“She has assembled an outstanding nursing faculty and staff and works well with them. She’s a good team player and a team builder, and that’s important to the role of dean,” he said.

      When Pennington came to OUS?there were 60 students enrolled in the associate degree nursing program; enrollment doubled in a year and Pennington began lobbying for a bachelor’s degree program.

      Studies show that by 2020 the health-care industry will need mostly registered nurses with bachelor’s degrees, she said.

      OUS?already had a 2+2 program, in which students study for the first two years at the regional campus before completing their degrees online, but some students prefer the traditional classroom route, Pennington said. “Different students have different needs and we are here to meet student needs.”

      Approval for the RN?program came through in 2012 and there are freshman and sophomore classes enrolled.

      For the regional campus to thrive it must focus on local work force needs and adapt to them, Pennington said. The goal there is to deliver quality education that will lead to good jobs and keep graduates in the area to grow the economy.

      OUS?also needs to focus on increasing enrollment and adhering to new state funding requirements that hold institutions accountable for course completion.

      She also is looking at enhancing student services, including tutoring, advising and transition services.

      Over the long term, Pennington envisions adding new degree and certification programs, expanding online and distance-learning programs, and reaching out further in the region.

      She sees her gender and her vocation as assets to the deanship. “It’s important for women to step up to leadership roles. Also I can be a role model for younger women.

      “Nursing is a caring profession. Nurses are trained to be adaptable and flexible. A nurse’s normal day is never normal.”

      Pennington replaces Bill Willan, who was named executive dean for regional higher education in 2013 and for whom Evans stepped in as interim dean.

      She has two sons, both of whom attend Russell High. Jacob, 18, is a senior and Nicholas, 15, is a sophomore. Her husband, Jonathan, is an Ashland firefighter. Her parents are Bucky and Sherri Jones.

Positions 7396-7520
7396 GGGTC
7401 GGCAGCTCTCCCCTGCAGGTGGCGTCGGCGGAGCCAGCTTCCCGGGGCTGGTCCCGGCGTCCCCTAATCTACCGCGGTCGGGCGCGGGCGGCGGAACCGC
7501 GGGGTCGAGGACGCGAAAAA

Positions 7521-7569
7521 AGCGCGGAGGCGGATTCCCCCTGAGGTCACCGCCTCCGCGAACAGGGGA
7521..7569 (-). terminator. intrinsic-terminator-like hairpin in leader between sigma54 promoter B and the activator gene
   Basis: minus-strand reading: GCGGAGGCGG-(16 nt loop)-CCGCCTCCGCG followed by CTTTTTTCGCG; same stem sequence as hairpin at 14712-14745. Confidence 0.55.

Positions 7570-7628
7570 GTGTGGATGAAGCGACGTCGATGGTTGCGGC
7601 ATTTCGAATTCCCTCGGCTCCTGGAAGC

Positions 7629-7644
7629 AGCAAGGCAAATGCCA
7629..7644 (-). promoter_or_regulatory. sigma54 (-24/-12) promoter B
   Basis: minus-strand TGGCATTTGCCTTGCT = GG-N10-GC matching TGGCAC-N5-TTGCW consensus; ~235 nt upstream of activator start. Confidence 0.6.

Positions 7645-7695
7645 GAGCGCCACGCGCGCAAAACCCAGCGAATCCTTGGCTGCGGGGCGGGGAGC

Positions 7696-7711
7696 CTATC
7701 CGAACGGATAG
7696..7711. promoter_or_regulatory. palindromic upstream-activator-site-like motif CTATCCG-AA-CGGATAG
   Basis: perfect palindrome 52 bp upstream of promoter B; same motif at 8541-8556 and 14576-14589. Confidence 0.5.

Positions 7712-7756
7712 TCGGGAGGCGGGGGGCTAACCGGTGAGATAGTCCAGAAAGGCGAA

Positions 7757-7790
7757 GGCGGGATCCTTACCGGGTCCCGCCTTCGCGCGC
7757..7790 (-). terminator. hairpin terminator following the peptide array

MIKE?JAMES can be reached at mjames@dailyindependent.com or

      (606) 326-2652.

      Article source: http://www.dailyindependent.com/local/x1535570241/Russell-academic-new-dean-at-OUS

      The Princeton Review Releases 5th Annual Free “Guide To Green Colleges” In …

      Categories: After School Programs
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      Published on: April 17, 2014

      NEW YORK, April 17, 2014 /PRNewswire/ – As the nation gears up to celebrate Earth Day on April 22, The Princeton Review, in collaboration with the Center for Green Schools at the U.S. Green Building Council (USGBC), today released the fifth annual edition of its free guidebook saluting the most environmentally responsible “green colleges.”

      “The Princeton Review’s Guide to 332 Green Colleges: 2014 Edition” profiles 330 schools in the U.S. and two in Canada that demonstrate exemplary commitments to sustainability in their academics, campus infrastructure, activities, and career preparation. Among the many schools that have made the guide for the past five years are Georgia Tech, the University of Illinois / Urbana-Champaign, and the University of Oregon.

      The 216-page book—the only free, comprehensive, annual guide to green colleges—can be downloaded at www.princetonreview.com/green-guide and www.centerforgreenschools.org/greenguide.  The guide features:

      • School profiles with information on admission, financial aid, and sustainability initiatives, plus “Green Facts” sidebars reporting on everything from the school’s use of renewable energy, recycling and conservation programs to the availability of environmental studies and career guidance for green jobs.
      • Lists of schools in the guide with LEED-certified buildings and of those that are signatories of the American College University Presidents’ Climate Commitment.
      • Advice for living green on campus, plus a glossary of 40+ green terms and acronyms from AASHE to “zero waste.”